He landed on his head and neck.
The explosion caused a traumatic brain injury, but at the time, medical personnel thought it was a concussion that would resolve itself.
It did not. The brain injury eventually resulted in Johnson, 40, going blind.
On Saturday morning, nearly six years after the incident, theU.S. Armyawarded Johnson a Purple Heart Medal at a ceremony at the Army Reserve Center in Aberdeen.
Johnson, a member of the 452nd Ordnance Company Army Reserve, said he is not bitter about the long delay. He understands that Army medics were not looking for the signs of traumatic brain injury in 2006. The Army Traumatic Brain Injury Task Force wasn't chartered until 2007, and the recommendations for screening and treatment weren't released until Jan. 17, 2008.
He said he also realizes that the diagnosis was not easy because many of his symptoms — nausea, confusion, dizziness, fatigue — were also symptoms of salmonella poisoning, which he contracted after the brain injury.
The bestowal of the Purple Heart, however late, means a lot to him.
"It is an acknowledgement from the Army of the injuries that I have," he said. "After having to fight to get a diagnosis and care, it validates what we went through."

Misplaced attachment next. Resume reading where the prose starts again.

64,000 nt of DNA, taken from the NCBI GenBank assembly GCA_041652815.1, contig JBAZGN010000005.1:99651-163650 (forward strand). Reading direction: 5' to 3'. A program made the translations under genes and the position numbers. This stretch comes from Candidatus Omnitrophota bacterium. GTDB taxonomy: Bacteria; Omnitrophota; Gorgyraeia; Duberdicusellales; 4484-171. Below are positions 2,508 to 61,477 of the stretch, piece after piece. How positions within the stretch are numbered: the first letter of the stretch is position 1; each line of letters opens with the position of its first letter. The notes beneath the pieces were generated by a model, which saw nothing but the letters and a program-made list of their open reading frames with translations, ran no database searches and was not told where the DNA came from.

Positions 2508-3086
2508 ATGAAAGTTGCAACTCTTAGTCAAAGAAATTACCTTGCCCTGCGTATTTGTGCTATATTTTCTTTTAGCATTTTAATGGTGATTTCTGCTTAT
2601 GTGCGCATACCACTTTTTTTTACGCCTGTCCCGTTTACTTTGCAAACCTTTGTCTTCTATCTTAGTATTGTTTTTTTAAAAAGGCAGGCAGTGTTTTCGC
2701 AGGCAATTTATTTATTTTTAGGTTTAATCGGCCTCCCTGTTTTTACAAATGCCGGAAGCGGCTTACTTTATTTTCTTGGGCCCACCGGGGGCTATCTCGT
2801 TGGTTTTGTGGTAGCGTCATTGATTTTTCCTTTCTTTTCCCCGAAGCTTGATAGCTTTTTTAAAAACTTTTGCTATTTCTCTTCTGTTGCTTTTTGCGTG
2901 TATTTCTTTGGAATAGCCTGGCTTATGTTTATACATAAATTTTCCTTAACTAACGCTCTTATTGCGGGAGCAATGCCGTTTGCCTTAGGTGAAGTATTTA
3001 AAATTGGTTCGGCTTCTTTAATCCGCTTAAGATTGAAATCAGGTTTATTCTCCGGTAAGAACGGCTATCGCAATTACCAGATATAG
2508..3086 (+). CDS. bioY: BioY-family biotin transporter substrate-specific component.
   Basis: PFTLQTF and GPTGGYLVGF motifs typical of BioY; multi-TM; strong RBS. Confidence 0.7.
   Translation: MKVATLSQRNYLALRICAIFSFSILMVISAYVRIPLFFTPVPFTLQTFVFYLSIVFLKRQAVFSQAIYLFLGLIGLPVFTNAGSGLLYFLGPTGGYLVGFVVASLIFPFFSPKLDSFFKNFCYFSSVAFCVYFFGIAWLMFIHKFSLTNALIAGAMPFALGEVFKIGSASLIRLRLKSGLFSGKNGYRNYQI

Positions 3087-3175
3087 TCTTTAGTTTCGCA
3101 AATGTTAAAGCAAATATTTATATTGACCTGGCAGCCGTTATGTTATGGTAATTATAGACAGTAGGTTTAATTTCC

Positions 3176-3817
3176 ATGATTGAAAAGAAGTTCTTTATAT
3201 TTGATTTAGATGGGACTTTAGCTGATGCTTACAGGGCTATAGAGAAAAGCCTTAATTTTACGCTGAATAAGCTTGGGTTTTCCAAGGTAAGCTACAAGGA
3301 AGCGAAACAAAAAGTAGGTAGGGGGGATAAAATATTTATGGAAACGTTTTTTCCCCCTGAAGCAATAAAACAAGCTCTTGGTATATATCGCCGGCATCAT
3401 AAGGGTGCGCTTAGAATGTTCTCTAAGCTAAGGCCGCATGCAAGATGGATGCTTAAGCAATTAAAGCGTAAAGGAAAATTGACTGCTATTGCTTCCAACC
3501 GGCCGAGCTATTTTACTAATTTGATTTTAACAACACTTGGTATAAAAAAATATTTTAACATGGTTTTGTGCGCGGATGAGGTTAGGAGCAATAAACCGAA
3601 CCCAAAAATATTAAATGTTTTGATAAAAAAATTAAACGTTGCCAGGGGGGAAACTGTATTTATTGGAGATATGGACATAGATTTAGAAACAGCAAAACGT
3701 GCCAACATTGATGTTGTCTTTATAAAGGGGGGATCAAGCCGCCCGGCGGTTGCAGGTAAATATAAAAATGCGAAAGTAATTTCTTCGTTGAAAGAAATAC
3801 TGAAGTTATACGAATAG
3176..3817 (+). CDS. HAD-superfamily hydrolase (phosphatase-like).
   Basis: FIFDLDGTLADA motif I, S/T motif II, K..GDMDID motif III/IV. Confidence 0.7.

The debilitating affects of the injury unfolded over time. His wife, Melissa Johnson, said his memory and decision making grew worse after he returned home in 2007. He also began showing mood symptoms such as increased anger. His eyesight began to fail.
In addition to the brain injury, he suffered from Post Traumatic Stress Disorder with symptoms such as increased anxiety, nightmares and flashbacks.
Johnson, who has served in the Army for 23 years including deployments to the Persian Gulf War (1990-1991) and Bosnian conflict (1997), said his life changed after that mortar attack at Camp LSA Anaconda. ¿He was standing in the parking lot at 7 a.m. talking with a few other soldiers when a mortar shell landed about 100 yards away. The soldiers did not immediately react because mortar attacks were common at the base, he said.
"When we first arrived we were in the bunkers 5-6 times a day," he said. "By March, we were in the bunkers 1-2 times a day."
Several shells followed in succession. It was the third motor round that landed close to him.
"All I remember was a bright, white light," he said. "I was blown backwards and landed on the back of my neck."
He was dazed and disoriented, but remained conscience.
He lost his hearing for the next 24 hours.
"It was totally quiet," he said. "It was kind of scary."
He received medical attention, but after a short time, he was back on full duty.
"At that time, they looked you over, and if you weren't bleeding, you were OK," said Melissa Johnson.